Current contractual arrangements proposed by the HSE for private hospital consultants would result in the withdrawal of their ability to provide ongoing care to their existing patients, the IHCA has warned. These would include patients with possible cancer-related symptoms, post-operative wounds or blocked catheter issues.
On 30 March last, the Government announced it had reached agreement with private hospitals across the State to use their facilities for the treatment of both Covid-19 and non-Covid-19 patients.
Approximately, 500 consultants working at these hospitals who currently treat private patients only are to receive temporary HSE locum contracts to cover their work during the crisis period.
According to the IHCA: “Many of these consultants have expressed concern about the terms of such contracts and specifically, their negative impact on the patients they currently treat.
“Under the proposed terms of these contracts, consulting rooms will be forced to shut to outpatients, for both current and future private outpatients.
“Nationally, a large number of outpatient consultations will be impacted as a result. This will have considerable knock-on detrimental impacts on the quality of care received by these patients and by all patients accessing hospital services.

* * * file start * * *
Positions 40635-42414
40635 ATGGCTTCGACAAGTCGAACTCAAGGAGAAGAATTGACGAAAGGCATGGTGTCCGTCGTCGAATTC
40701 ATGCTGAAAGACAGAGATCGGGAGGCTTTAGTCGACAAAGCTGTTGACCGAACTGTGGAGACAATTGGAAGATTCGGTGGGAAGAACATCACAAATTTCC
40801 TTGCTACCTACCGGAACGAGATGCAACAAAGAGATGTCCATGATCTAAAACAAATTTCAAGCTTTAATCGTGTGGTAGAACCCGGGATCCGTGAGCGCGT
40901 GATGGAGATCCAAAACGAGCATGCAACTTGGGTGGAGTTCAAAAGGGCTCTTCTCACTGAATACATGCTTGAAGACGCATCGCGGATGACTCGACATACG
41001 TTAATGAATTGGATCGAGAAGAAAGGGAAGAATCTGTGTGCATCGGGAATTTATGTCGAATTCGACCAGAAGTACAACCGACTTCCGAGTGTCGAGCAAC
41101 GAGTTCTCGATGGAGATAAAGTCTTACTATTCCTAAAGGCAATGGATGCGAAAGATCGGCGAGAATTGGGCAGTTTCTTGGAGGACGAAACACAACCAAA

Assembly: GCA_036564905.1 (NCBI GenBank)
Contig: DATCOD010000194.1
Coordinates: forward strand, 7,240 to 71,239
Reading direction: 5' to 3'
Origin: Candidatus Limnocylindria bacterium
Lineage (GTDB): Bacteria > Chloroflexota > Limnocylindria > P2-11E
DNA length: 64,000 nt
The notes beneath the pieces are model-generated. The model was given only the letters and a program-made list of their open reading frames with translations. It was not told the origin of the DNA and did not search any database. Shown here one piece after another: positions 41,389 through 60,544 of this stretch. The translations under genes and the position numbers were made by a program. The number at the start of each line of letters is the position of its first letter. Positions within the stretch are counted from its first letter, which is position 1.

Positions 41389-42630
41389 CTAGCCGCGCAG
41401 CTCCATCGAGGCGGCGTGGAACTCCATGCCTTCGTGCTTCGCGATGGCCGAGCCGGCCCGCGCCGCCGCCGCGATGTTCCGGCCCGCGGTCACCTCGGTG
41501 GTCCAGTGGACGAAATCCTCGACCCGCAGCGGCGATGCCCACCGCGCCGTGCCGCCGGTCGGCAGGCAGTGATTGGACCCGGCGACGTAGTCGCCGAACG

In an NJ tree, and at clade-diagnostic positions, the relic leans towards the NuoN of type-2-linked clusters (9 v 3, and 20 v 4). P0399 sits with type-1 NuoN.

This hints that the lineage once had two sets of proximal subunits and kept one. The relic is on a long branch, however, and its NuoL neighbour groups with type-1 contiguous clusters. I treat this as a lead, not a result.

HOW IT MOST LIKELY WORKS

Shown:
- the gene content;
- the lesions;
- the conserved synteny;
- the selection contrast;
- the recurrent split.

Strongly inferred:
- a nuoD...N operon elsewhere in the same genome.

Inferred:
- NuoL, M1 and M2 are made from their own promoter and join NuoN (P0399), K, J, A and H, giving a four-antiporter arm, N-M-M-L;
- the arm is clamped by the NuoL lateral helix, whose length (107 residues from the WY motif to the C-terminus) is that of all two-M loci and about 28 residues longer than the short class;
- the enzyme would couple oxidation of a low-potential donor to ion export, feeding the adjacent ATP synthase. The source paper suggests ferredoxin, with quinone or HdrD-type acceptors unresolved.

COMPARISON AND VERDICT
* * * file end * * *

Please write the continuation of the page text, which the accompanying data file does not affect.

“Examples of treatments currently undertaken at these consulting rooms include patients with possible cancer-related symptoms, post-operative wounds or blocked catheter issues.
“Patients availing of these services are also naturally concerned, with private clinics receiving many queries from patients who have concerns about their ongoing care and treatment.”
According to Dr Oisin O’Connell, Respiratory Consultant, “The current contractual arrangements proposed by the HSE would result in the withdrawal of private hospitals consultants’ ability to provide ongoing care to their existing patients. It would equally prevent private patients presenting with new medical issues from being treated.
“Without access to consulting rooms, private patients with urgent and ongoing medical needs will now present for care to Emergency Departments at acute public hospitals – all of which are already experiencing pressures in managing Covid-19.
“Private only consultants believe the solution to this issue lies in a contractual arrangement which enables these consultants meet their obligations under the proposed HSE temporary locum contracts but also permits them to continue to treat their private patients outside of their HSE contract hours.
“All hospital consultants, whether public or private, are eager and anxious to play their part in the delivery of frontline hospital care during this national emergency. However, all solutions must be well thought out and not add to the existing pressures across our hospitals.
“We are continuing to liaise with the Department of Health and HSE to ensure that all proposed measures protect all patients and their access to quality care,” added Dr O’Connell.
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